A Routine Post

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My previous post discussed Twyla Tharp’s practice of “scratching” for creative material and how it supports the Process. But a part of her philosophy I can’t follow is her advice to “Maintain the White Hot Pitch.” For Tharp, “Scratching is not about control or repose. It’s about unleashing furious…energy and watching it bounce off everything.” Of course she is a legendary Creative Full-Timer, and her work is her whole day, her whole self. My life as a CPT, not to mention my nervous system, doesn’t work that way. I need “control and repose” to have a healthy and creative life. My nature is not full-time fierce, I’m afraid, and I also like to watch several detective series. Oh, and I have two jobs. After reading her book, I pondered this contrast.

I wanted to explore more artists’ habits and found Mason Currey’s 2013 book Daily Rituals: How Artists Work, an enjoyable, all-you-can-eat buffet that includes many types of creatives across centuries. His spirited introduction states “my focus…was really people’s routines. The word connotes ordinariness and even a lack of thought…But one’s daily routine is also…a whole series of choices. In the right hands, it can be a finely calibrated mechanism for taking advantage of a range of limited resources…” Ah, Gentle Cuz. He also quotes the writer V. S. Pritchett on how “great men turn out to be all alike. They never stop working. They never lose a minute. It is very depressing.” Can I rest my head in VSP’s lap and hold Currey’s hand?

But as it turns out, there are the strugglers, the time-wasters, and the differently-calibrated out there: William James, Franz Kafka, Samuel Johnson, and Gertrude Stein, who gave creatives the Best Quotation Ever, “It takes a lot of time to be a genius. You have to sit around so much, doing nothing, really doing nothing.” Hey, these people still produced, right? Currey offers plenty of evidence that there’s “infinite variation” in how to make Art happen. Of course, there is always that difference between Those who Actually Do Not Do Anything but their Art, and Those who Have To Do Things other than Art. Era, material resources, gender, choice, and other human things do factor into routine and ritual possibilities.

Some of that infinite variation follows in a breathless jumble:

Poet W.H. Auden lived adamantly by the clock, his daily routine down to the minute. All day, every day. But he took amphetamines every day, too, to maintain it, and stood behind that choice.

Anthony Trollope, whose novels are long, hit the desk at 5:30 every morning and would “allow myself no mercy,” writing for three hours, two hundred fifty words every fifteen minutes. And then stopped work. For the day. He had his mother to inspire him: in his youth she cared for an ill husband and six kids, had to write for money, and hit the desk at 4:00am every day. (And there’s Ginger, as they say, doing everything Fred does, backwards, in heels.)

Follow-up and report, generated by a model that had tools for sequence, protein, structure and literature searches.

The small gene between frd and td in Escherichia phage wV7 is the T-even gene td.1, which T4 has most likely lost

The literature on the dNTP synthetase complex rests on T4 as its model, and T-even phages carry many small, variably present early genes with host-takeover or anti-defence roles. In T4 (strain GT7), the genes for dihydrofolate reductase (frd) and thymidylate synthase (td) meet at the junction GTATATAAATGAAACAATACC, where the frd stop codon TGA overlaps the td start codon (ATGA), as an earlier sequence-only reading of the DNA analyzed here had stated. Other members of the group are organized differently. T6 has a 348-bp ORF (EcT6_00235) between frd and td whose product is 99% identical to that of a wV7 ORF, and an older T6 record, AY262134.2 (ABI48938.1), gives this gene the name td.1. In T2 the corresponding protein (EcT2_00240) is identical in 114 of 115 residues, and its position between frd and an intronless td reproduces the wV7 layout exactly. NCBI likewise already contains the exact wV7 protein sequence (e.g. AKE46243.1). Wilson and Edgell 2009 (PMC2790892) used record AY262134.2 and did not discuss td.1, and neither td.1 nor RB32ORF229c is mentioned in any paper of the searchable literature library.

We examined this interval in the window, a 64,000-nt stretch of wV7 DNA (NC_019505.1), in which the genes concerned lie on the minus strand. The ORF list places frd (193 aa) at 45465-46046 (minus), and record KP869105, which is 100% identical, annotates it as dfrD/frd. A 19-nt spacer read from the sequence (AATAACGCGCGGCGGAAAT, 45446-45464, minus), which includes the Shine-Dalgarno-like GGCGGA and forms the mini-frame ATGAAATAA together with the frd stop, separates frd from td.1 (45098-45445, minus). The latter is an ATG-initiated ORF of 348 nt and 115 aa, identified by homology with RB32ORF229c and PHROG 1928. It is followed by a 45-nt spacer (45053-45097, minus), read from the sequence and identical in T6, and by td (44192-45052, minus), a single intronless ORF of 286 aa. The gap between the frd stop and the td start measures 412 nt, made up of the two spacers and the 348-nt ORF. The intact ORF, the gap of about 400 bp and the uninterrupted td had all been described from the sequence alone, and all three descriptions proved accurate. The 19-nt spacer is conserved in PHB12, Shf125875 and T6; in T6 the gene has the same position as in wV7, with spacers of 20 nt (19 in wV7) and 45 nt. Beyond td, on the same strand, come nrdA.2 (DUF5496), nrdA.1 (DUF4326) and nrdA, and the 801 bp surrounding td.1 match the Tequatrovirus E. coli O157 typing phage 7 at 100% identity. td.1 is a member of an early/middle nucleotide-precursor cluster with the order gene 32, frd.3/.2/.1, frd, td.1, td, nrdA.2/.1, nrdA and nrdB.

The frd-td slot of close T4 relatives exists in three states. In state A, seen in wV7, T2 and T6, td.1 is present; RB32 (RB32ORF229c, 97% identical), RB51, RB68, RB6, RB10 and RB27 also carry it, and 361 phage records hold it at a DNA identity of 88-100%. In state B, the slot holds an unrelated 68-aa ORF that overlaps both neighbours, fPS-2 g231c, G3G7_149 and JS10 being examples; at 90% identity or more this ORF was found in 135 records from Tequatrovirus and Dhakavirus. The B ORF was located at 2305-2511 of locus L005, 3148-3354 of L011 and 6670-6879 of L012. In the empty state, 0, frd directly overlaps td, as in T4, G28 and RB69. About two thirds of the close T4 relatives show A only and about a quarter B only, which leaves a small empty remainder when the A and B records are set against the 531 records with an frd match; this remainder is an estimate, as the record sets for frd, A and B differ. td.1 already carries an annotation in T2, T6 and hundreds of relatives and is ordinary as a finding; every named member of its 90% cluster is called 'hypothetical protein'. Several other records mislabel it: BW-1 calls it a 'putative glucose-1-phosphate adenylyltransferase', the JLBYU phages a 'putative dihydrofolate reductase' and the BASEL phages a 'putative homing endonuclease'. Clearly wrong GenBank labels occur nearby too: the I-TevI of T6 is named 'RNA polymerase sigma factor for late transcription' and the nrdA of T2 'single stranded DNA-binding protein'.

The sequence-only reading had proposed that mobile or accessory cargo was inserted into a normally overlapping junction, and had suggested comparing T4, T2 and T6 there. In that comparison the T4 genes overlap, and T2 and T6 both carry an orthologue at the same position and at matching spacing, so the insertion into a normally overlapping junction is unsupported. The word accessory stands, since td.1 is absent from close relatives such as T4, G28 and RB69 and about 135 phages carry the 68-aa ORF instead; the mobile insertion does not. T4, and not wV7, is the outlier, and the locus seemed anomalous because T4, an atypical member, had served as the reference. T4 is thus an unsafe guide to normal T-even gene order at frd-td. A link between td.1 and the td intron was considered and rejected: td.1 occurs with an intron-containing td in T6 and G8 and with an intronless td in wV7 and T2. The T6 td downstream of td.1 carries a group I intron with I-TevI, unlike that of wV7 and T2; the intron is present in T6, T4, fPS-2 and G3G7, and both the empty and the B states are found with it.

Author Thomas Mann closed himself in his study at 9:00am, at which point the door did not open and the whole family fell silent until noon. Joan Miro’s day included five morning hours of painting, rigorous exercise, lunch, exactly three cigarettes and a five-minute nap, before he began painting again at 3:00. Philosopher Soren Kierkegaard wrote, walked, drank coffee, and wrote. He had more than fifty different cups and saucers.

Gertrude Stein wrote about half an hour a day, sometimes outdoors, and firmly believed that thirty minutes of real work every day adds up. (Are we listening, CPTs?) Novelist Francine Prose once said the world “will pay me to do anything BUT write.” The price of fame. She secludes herself in the country when she can, where she finds she is either working productively or “standing in front of the refrigerator.”

TS Eliot had a job at a bank and later at a publisher. Although poet Ezra Pound set up a scheme to crowd source his comrade in the 1920s, Eliot kept the day job. William Carlos Williams was a doctor. Wallace Stevens worked in insurance. Lucille Clifton wrote poems at the kitchen table in a house full of children. WB Yeats made sure he wrote his poetry two hours a day, and read, and engaged in outdoor leisure, but he claimed never to have “done more than five or six good lines in a day.” Of the articles he wrote for money, he said, “One has to give something of one’s self to the devil that one may live.”  Brrrrrr.

Maya Angelou favored writing in a hotel room during the work day, 7:00-2:00, with “a dictionary, a Bible, a deck of cards and a bottle of sherry.” Whee. Nathaniel Hawthorne wrote mornings and sometimes afternoons, unless he wanted to watch a sunbeam move across the floor for the second half of the day. Whee again: see Stein quotation above about doing nothing. Hawthorne also held his share of day jobs, so give him a break. Georgia O’Keeffe had painting days and “other things one imagines one has to do” days for everyday and social stuff, all rushed through to “get at the painting again.” Nature writer Edward Abbey had a quiet shack for bouts of work and then long, gloomy vacations between books. He hated to write under pressure, but it was the only thing that made him write.

Novelist Bernard Malamud thought there was “too much drivel” about rituals. “You write by sitting down and writing…you suit…your nature,” he said, concluding, “The real mystery to crack is you.” So I’m working on the mystery of Me, and working on a post about that work. And feeling empathy for Franz Kafka, who wrote “time is short, my strength is limited, the office is horror, the apartment is noisy, and if a pleasant, straightforward life is not possible then one must try to wriggle through…” What are YOUR rituals/routines/wriggles in your CPT Life? What makes them work, or not? Inquiring blogger wants to know!

 

 

 

An Itch to Scratch